WASHINGTON— As the Justice Department launches an investigation into possible collusion in the airline industry, experts say the government faces the burden of proving that carriers were deliberately signaling business decisions to each other. A particularly cold winter in the Northeast, for instance, might merit more flights to the Caribbean.» Read More
The Democratic convention will be far more critical of Mitt Romney and Republicans than the Republican convention was of the Democrats, real estate mogul Donald Trump told CNBC’s “Squawk Box” on Tuesday.
Mitt Romney and Paul Ryan plunge into the fall campaign on a two-track mission to convince Americans that the GOP nominee is the right man to fix the economy. President Obama gets ready for the big Democratic show.
Did Mitt Romney make the economic sale at the Republican National Convention? Did he convince people who are living at the margin or unemployed and discouraged that he has the answers to the economy? "Frankly, I don’t think so," CNBC's Larry Kudlow says.
Clint Eastwood, the Hollywood filmmaker who knows all about sticking to the script, turned in a bizarre, unscripted endorsement of Republican Mitt Romney.
The race between President Barack Obama and Mitt Romney, the Republican nominee, is showing some similarities to the 1980 contest between President Jimmy Carter and Ronald Reagan.
It’s time to start talking about real fiscal policies and stop relying on the Federal Reserve to fix the country's problems, former Utah Gov. Jon Huntsman said Thursday on CNBC’s “Squawk Box.”
At this point in the convention, you’d expect the delegates to be hoarse from screaming too much. That much is not surprising. But there have been a few unexpected moments and the press has missed a few things and overreacted at others.
Vice presidential hopeful Paul Ryan gave a powerful acceptance speech that elicited repeated standing ovations. CNBC's Larry Kudlow gave him high marks for his delivery but was disappointed by his "somewhat muddled" economic growth solutions.
Seizing the spotlight, Paul Ryan told the Republican National Convention on Wednesday night that Mitt Romney "will not duck the tough issues" if he wins the White House this fall, and their party will move forcefully to solve the nation's economic woes.
"Mitt Romney will tell us the hard truths," Gov. Chris Christie told the GOP Convention. But what were the truths behind the speeches? Here's a look at some of the facts behind the rhetoric.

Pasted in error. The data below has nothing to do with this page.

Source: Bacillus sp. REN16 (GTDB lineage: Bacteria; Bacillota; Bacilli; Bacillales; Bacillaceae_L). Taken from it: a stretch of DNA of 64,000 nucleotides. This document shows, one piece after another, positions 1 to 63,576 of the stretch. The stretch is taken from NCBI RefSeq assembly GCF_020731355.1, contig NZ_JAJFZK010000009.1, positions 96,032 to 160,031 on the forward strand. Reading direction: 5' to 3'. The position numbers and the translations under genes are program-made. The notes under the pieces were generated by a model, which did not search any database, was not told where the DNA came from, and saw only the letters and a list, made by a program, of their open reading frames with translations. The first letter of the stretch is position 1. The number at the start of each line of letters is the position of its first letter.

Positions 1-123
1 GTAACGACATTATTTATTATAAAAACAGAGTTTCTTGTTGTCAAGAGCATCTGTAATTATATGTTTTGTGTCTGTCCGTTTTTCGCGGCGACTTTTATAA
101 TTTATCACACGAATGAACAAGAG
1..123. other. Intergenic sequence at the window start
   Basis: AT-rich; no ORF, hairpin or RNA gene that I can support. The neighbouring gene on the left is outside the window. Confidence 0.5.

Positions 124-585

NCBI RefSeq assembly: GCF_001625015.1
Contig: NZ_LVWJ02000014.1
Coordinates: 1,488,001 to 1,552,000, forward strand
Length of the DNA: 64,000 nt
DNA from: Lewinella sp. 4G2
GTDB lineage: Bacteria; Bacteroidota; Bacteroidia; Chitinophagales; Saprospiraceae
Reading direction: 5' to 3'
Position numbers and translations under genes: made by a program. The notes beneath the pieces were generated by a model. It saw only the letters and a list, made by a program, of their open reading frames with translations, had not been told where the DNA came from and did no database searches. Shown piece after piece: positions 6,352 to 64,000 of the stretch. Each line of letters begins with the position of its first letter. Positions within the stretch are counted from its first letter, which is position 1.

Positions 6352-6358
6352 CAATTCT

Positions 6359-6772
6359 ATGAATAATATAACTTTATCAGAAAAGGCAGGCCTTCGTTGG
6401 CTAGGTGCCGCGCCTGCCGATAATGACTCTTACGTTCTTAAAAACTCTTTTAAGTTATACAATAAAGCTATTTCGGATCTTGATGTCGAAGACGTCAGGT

While many folks tend to tune out the political conventions, investors have been known to take notice and usually cast their monetary votes with the Republicans.
New Jersey Gov. Chris Christie, the keynoter, spoke last. But the message of Ann Romney, who spoke before him, carried more significance for the prospects of her husband, Republican candidate Mitt Romney.
Republicans nominated former Massachusetts Gov. Mitt Romney for president, culminating a long primary fight and setting the stage for a close contest against President Barack Obama.
European markets are set for a mixed open on Wednesday after the Catalonian region in Spain asked for a financial lifeline from the national government, raising concerns that the country itself will soon ask for a bailout.
In front of a spirited crowd that packed the Tampa Times Forum, Chris Christie gave a solid speech which echoed Mitt Romney's programs consisting of substantial budget cuts, tax cuts, and entitlement reform.
For Mitt Romney, the road to the GOP presidential nomination began with a family tradition of public service and then came the Olympics.
Republicans are eager to showcase Mitt Romney as a man who understands everyday Americans and a leader who can fix the economy. But with New Orleans waiting fearfully to see where a massive storm makes landfall, no one knows how grand the party will be.
The main principles of the Tea Party permeate the Republican Party platform and the Republican ticket, Rep. Michele Bachmann told CNBC’s “Squawk on the Street.”
European markets are called to open in negative territory on Tuesday as the debate continues over how far the European Central Bank (ECB) can, or will, go to save the euro zone.
As the income gap between rich and poor widens, a majority of Americans say the growing divide is bad for the country and believe that wealthy people are paying too little in taxes, according to a new survey.